By Chuck Strouse
By Scott Fishman
By Terrence McCoy
By Ryan Yousefi
By Ciara LaVelle, Kat Bein, Carolina Del Busto, and Liz Tracy
By Pepe Billete
By Ryan Yousefi
By Kyle Swenson
It came as no surprise to see Colombian author Gabriel Garcia Marquez strolling around the Morro Castle one evening shortly before the Biennial, and not just because of his affiliation with a film school in Cuba. The country could be taken straight out of one of his fantastic stories. Local citizens frequently describe the current situation in Havana as "surreal." The week the Biennial opened, for instance, Castro announced the imminent implementation of new regulations that would include further cutbacks in food supplies and household goods, and price hikes for telephone service and electricity.
"They're raising prices on things that don't exist!" scoffed one artist who constantly picks up a dead phone and had been ten days without power for a refrigerator and lights, during which he often viewed the nightly voyage of a huge Spanish galleon blaring disco music as it cruised Havana harbor, its rigging decorated with enough bulbs to illuminate a couple of dozen homes.
One tourist not likely to be found on a party boat is wealthy German businessman Peter Ludwig, the most significant player in the contemporary Cuban art game. Ludwig has been collecting art in Cuba only since 1992, but after four or five trips to Havana and several buying sprees he has purchased 120 works, paying for them in a lump sum to the Cuban Ministry of Culture, which in turn has distributed 50 percent of the money to the individual artists.
To the young and aspiring artists on the island Ludwig represents an unsettling cross between a benevolent Medici and a colonizing Christopher Columbus A they are happy to have his interest and his money, but are suspicious of his influence. To the government, on the other hand, the German collector seems to be a godsend. He has had bestowed upon him various official orders of merit for his contributions to Cuban culture, and has received an honorary doctoral degree from the University of Havana. A Social Democrat known for his political leanings to the right, Ludwig on occasion has visited with Castro. Those meetings, according to Wolfgang Becker, director of the Ludwig Museum in Aachen, Germany, have centered on discussions of culture and literature.
The Ludwig Foundation, also in Aachen, offers four-month residencies to Cuban artists, a program modeled on a similar enterprise created by the foundation for Soviet artists in the late Seventies. In the coming months Ludwig plans to open a second foundation in Havana to implement cultural programs in Cuba. His initial funding for the organization will amount to about $35,000 a year, administered by a director appointed by the Cuban National Arts Council. As for the Biennial itself, it was helped along substantially by Ludwig's donation of $17,000 to the Cuban Ministry of Culture toward basic organizational costs. (In a highly unusual move for an international, nonprofit art event, Ludwig will pack up the entire show and bring it to his Ludwig Museum for display this September, along with 40 new Cuban works from his collection. The museum will pay all transportation and production costs.)
For most Cuban artists, having a work in the Ludwig collection is prized as an important stepping stone to other opportunities, although they often grumble that Ludwig is known for paying lower prices than other collectors, and even putting works on reserve but never claiming them (and thus preventing the artists from selling them to someone else). "Sometimes I see Ludwig as a sweet little old man and sometimes I see him as the devil," sighed Carlos Estevez, who, like most artists, cannot afford to turn down an offer made by any potential buyer, especially one as prestigious as Ludwig. "He has us up against the wall. The problem for Cuban artists today is that your work can be interesting, but you have to have the [financial and material] means to develop it, and in order to have that, someone has to 'discover' you."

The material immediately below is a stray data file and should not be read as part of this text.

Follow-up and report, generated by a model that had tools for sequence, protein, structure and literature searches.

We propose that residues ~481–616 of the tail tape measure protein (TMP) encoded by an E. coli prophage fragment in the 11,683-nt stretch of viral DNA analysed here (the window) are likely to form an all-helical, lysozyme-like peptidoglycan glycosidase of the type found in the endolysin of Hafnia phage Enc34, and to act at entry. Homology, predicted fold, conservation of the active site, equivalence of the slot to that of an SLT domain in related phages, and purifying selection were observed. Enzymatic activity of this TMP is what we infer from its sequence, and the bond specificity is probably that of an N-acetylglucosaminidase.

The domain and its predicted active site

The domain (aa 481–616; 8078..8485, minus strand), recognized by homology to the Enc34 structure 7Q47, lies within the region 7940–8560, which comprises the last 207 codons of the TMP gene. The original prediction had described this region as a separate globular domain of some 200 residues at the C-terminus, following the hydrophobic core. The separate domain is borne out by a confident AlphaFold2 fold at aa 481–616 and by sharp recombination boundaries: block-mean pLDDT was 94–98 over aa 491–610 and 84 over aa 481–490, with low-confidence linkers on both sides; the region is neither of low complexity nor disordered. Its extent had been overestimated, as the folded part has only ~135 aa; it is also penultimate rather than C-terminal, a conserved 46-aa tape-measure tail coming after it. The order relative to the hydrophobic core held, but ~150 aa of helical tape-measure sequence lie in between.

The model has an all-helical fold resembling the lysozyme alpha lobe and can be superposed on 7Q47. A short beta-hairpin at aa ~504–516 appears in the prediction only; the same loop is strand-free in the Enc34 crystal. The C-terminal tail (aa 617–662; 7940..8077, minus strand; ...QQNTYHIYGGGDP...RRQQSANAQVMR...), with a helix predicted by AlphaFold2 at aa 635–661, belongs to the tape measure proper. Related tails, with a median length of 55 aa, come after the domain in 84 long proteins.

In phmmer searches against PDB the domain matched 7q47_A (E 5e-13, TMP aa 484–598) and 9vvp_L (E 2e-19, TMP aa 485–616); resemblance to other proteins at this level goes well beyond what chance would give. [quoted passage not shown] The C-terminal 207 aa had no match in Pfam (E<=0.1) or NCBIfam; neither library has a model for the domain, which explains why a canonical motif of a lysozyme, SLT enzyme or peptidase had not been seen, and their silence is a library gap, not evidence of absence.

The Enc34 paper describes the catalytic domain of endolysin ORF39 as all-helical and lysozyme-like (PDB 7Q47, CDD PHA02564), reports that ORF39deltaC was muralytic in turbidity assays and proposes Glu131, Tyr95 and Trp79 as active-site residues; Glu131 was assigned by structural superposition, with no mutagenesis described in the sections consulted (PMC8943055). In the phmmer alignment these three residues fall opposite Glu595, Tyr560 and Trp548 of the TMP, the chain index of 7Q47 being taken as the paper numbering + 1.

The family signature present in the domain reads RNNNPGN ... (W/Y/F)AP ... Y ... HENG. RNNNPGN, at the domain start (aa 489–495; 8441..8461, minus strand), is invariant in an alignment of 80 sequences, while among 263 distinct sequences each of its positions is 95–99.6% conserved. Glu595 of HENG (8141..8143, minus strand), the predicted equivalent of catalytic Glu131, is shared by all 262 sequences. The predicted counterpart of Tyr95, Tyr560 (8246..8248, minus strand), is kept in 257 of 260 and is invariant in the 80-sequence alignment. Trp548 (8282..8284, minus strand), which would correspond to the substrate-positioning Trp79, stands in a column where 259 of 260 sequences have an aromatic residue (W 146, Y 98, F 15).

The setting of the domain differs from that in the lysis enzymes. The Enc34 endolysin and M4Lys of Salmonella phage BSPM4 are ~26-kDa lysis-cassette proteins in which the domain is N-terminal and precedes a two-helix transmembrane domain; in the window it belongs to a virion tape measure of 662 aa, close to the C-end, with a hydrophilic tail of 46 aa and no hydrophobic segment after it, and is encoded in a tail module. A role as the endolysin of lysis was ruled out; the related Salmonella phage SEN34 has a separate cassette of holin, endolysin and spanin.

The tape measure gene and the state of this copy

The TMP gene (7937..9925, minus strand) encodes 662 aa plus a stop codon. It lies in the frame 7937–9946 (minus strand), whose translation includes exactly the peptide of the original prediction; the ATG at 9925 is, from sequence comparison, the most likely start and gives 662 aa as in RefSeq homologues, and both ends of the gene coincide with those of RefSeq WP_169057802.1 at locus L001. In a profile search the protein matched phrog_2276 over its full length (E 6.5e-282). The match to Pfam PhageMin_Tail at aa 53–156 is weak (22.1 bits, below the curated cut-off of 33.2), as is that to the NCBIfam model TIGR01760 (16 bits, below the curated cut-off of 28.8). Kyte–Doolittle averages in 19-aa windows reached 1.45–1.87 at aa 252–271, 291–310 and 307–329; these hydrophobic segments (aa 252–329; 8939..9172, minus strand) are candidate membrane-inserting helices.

Jose Toirac is one artist who has declined to sell to Ludwig. "I already have a foot in the door," he noted, referring to the fact that he is represented by a gallery in Madrid and has been included in several exhibitions abroad. "Ludwig comes here and he always wants to buy my work. So I can permit myself certain luxuries that other artists can't. If he offers me just $700 for a painting that I think is worth more, I'd rather just keep it. I do think he could give artists more money if he is really so concerned about them."
Carlos Estevez lives with his wife and child in a three-room, street-level apartment a block from the port in Old Havana where the Malec centsn, the fabled oceanfront avenue, begins its graceful curve around the city. A large, rough-hewn, Christlike figure was visible through the doorway as the artist greeted visitors who had come to look at slides of his work.
The front door opened onto a small sitting room that, like the rest of the impeccably neat apartment, was framed by water-stained, buckled walls. The sculpture, originally shown with a set of large detachable wings, was made from wood Estevez had gathered from the rubble of collapsed buildings in his neighborhood. Such debris in Old Havana is a popular resource for young artists whose ingenuity compensates for their lack of materials. Others have found that political banners, ripped from the streets in the night, make a decent substitute for canvas. (Those who are still enrolled at the Instituto Superior de Arte are far luckier. Students have comparatively plentiful access to paint, canvas, and other supplies, and it is well-known that many of them squirrel away as much as they can so they'll have something to work with after they graduate.)